This frame compares a high-resolution view of Arbela Sulcus on Jupiter's moon Ganymede (top) with the gray band Thynia Linea on another Jovian moon, Europa (bottom), shown to the same scale. Both images are from NASA's Galileo spacecraft.
Arbela Sulcus is one of the smoothest lanes of bright terrain identified on Ganymede, but subtle striations are apparent here along its length. This section of Arbela contrasts markedly from highly fractured terrain to its west and dark terrain to its east.
On Europa, gray bands such as Thynia Linea have formed by tectonic crustal spreading and renewal. Such bands have sliced through and completely separated pre-existing features in the surrounding bright, ridged plains. The younger prominent double ridge Delphi Flexus cuts across Thynia Linea. The scarcity of craters on Europa attests to the relative youth of its surface compared to Ganymede's.
Unusual for Ganymede, it is possible that Arbela Sulcus has formed by complete separation of Ganymede's icy crust, like bands on Europa. Tests of this idea come from detailed comparisons of their internal shapes and the relationships to the surrounding structures.
In the Ganymede image, north is to the top of the picture and the Sun illuminates the surface from the west. The image, centered at -15degrees latitude and 347 degrees longitude, covers an area approximately 34 by 26 kilometers (21 by 16 miles). The resolution is 34 meters (112 feet) per picture element. The image was taken on May 20, 2000, at a range of 3,370 kilometers (2,094 miles).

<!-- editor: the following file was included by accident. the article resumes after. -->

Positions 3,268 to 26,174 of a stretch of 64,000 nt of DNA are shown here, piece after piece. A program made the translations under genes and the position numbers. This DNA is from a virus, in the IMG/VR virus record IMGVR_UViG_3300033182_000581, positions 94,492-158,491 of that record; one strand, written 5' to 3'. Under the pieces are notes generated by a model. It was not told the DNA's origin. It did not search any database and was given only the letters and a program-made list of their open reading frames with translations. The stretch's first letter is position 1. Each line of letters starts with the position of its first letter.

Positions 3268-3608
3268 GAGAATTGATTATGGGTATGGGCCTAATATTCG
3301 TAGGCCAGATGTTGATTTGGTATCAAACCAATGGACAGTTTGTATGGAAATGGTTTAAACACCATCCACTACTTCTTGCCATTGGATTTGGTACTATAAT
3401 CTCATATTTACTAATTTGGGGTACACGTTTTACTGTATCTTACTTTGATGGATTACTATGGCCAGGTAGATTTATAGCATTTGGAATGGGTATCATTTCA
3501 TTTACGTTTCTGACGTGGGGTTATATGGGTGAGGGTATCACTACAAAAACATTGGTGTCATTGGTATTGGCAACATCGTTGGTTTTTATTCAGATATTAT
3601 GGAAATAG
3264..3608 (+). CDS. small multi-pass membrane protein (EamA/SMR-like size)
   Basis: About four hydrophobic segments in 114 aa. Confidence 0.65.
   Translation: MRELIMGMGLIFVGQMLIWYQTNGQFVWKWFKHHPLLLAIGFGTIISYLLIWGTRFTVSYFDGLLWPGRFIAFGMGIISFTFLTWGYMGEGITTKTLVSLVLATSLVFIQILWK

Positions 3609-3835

In the Europa image, north is to the upper-right of the picture and the Sun illuminates the surface from the northwest. The image, centered at-66 degrees latitude and 161 degrees longitude, covers an area approximately 44 by 46 kilometers (27 by 29 miles). The resolution is 45 meters (147 feet) per picture element. The image was taken on September 26, 1998, at a range of 3,817 kilometers (2,371 miles).
This image and other images and data received from Galileo are posted on the Galileo mission home page at http://www.jpl.nasa.gov/galileo. Background information and educational context for the images can be found at http://www.jpl.nasa.gov/galileo/sepo
The Jet Propulsion Laboratory, a division of the California Institute of Technology in Pasadena, manages the Galileo mission for NASA's Office of Space Science, Washington, D.C.